|art by urs fischer|
a lot was discussed in class and it seemed more chaotic than usual. but chaos is brahman. let's see if i'm successful at explaining my points:
1- is taste a genetic disposition? i read this hypothesis @ the smithsonian:
Collecting genetic samples from 143 children and their mothers, the researchers showed moms and kids who had at least one bitter-sensitive region in the gene were generally able to detect even a hint of bitter flavor in a test drink.that's not the whole story: "bitter" is one amongst a broader palette that includes "sweet," "umami," "sour" and "salty" (for a total of 5). the study goes on to make a more problematic conclusion:
The study also found children who had the bitter taste gene preferred higher levels of the sucrose solution they were given in the study. Researchers point out that as we age, life experience begins to override genetic disposition for taste. "Nature versus nurture" refers to an ongoing debate about how much genes are responsible for an individual's traits, compared to how much is due to the environment around the person.i'm of the latter persuasion, yet the institute of health makes it even more open-ended:
Recent advances in the understanding of taste at the molecular level have provided candidate genes that can be evaluated for contributions to phenotypic differences in taste abilities. However, many aspects of taste perception remain poorly characterized. Better understanding of the molecular components of salty and sour tastes is still needed, as is a more complete picture of second messenger and downstream signaling mechanisms for all taste modalities. More general studies of linkage and association between genetic markers and taste phenotypes may reveal genes encoding proteinsSo, it seems that we cannot conclusively say that taste is genetic nor discount it, --as i seemed (too quickly to sort of imply in class). my problem is with the following argument:
since there's much we don't still don't understand about the influence of genetic traits in our dispositions, let's assume that genetics plays a bigger role in our dispositions.
but this is at best misleading and at worst fallacious. our experience with food is that of constant negotiation. and this negotiation is cultural, psychological and part of our personal narratives. taste seems as arbitrary as our predilections for music (the comparison has been made time and again). if so, then taste seems to reveal something very unique about our personal dispositions. how about psychological factors? example: one can always reevaluate what one used to dislike (as veronica seemed to suggest with her pizza hut example). on the other hand, one can --inexplicably-- like something one used to dislike (my daughter hated broccoli until she tried it at the suggestion of her vegetarian boyfriend). taste is susceptible to hormonal causation. now, is hormonal activity causally determined by our genes? actually, the opposite seems to be the case. so, does "nurture" win? this site presents four possible taste enhancers/inhibitors: 1- stress, 2- breathing through your mouth, 3- acid reflux, & 4- general sensitivity.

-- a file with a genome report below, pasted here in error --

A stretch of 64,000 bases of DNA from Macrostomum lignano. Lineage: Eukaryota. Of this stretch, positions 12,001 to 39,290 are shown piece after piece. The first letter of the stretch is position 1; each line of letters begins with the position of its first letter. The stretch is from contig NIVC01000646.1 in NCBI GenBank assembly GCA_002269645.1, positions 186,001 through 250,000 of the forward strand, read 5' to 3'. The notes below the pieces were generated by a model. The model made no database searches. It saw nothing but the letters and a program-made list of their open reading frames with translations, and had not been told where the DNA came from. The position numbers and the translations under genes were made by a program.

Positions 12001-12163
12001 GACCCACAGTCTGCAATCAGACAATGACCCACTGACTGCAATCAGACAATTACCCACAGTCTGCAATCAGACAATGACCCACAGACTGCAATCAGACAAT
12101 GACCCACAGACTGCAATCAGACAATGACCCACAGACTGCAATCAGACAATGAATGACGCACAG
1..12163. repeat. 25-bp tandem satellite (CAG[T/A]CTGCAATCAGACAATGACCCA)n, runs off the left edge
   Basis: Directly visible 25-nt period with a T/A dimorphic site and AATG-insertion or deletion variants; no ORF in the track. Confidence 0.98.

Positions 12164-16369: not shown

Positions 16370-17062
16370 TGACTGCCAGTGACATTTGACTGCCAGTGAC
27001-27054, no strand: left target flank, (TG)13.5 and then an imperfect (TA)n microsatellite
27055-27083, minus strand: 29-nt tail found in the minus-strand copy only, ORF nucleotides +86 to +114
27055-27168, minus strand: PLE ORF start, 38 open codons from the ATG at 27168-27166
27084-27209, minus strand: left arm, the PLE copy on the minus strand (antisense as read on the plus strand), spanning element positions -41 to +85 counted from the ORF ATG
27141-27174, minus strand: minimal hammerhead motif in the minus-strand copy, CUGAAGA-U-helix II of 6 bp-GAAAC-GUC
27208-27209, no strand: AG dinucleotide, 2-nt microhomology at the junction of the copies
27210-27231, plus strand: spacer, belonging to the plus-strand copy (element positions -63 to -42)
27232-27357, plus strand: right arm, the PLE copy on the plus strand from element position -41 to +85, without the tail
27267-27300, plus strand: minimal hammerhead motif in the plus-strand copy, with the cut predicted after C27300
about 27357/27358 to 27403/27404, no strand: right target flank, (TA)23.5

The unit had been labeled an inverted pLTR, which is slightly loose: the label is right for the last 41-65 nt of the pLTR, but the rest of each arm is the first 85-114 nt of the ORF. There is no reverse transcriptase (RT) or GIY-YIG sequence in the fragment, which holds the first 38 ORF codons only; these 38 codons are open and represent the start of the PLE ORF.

french sociologist pierre bordieu has written about taste in food & music as social indicators of "class" since "trends" in consumption seemingly correlate with an individual’s fit in society. take for example our obsession with surgery as "cultural beauty," or our obsession with junk food (which really took off started in the 1970's). consumer interests based on differing social positions necessitates that each fraction "has its own artists and philosophers, newspapers and critics, just as it has its hairdresser, interior decorator, or tailor."
i suggest the following experiment: take a one-year-old child from argentina & japan and permutate their environments: the japanese to go to argentina and viceversa. do you see a problem for each child ending up eating the diet of the adoptive parents? after a few years you have a sushi-lover, meat-avoider argentinian & a steak-eater, raw-fish-avoider japanese.
2- as per hitler. are you familiar with godwin's law? let's try to avoid the guy for the time being. my contention is that there have been many hitlers in history --only we did not record their atrocities.
3- i passed over jose's last argument. i didn't really get it. but there was this other argument about why preferring a certain individual over another based on his/her intentional-volitional dispositions. and i wonder is it her ratnatraya dispositions that makes her special? i think of aristotle, for whom "character" (from the greek kharakter = engraved mark) is an expression of the volitional states of the human subject.
a good character a expresses (arete = "that which is good") his/her internal dispositions. so, via aristotle, all of a sudden ratnatraya makes sense! why is it good to cultivate rview, rknowledge, rfaith? because it makes the subject stand out spiritually. it's like asking: why would you prefer a friend that is forward, aware, honest & generous over one that is selfish, ignorant & dishonest?
is your preference a matter of preference or is it rather an attribute of his character?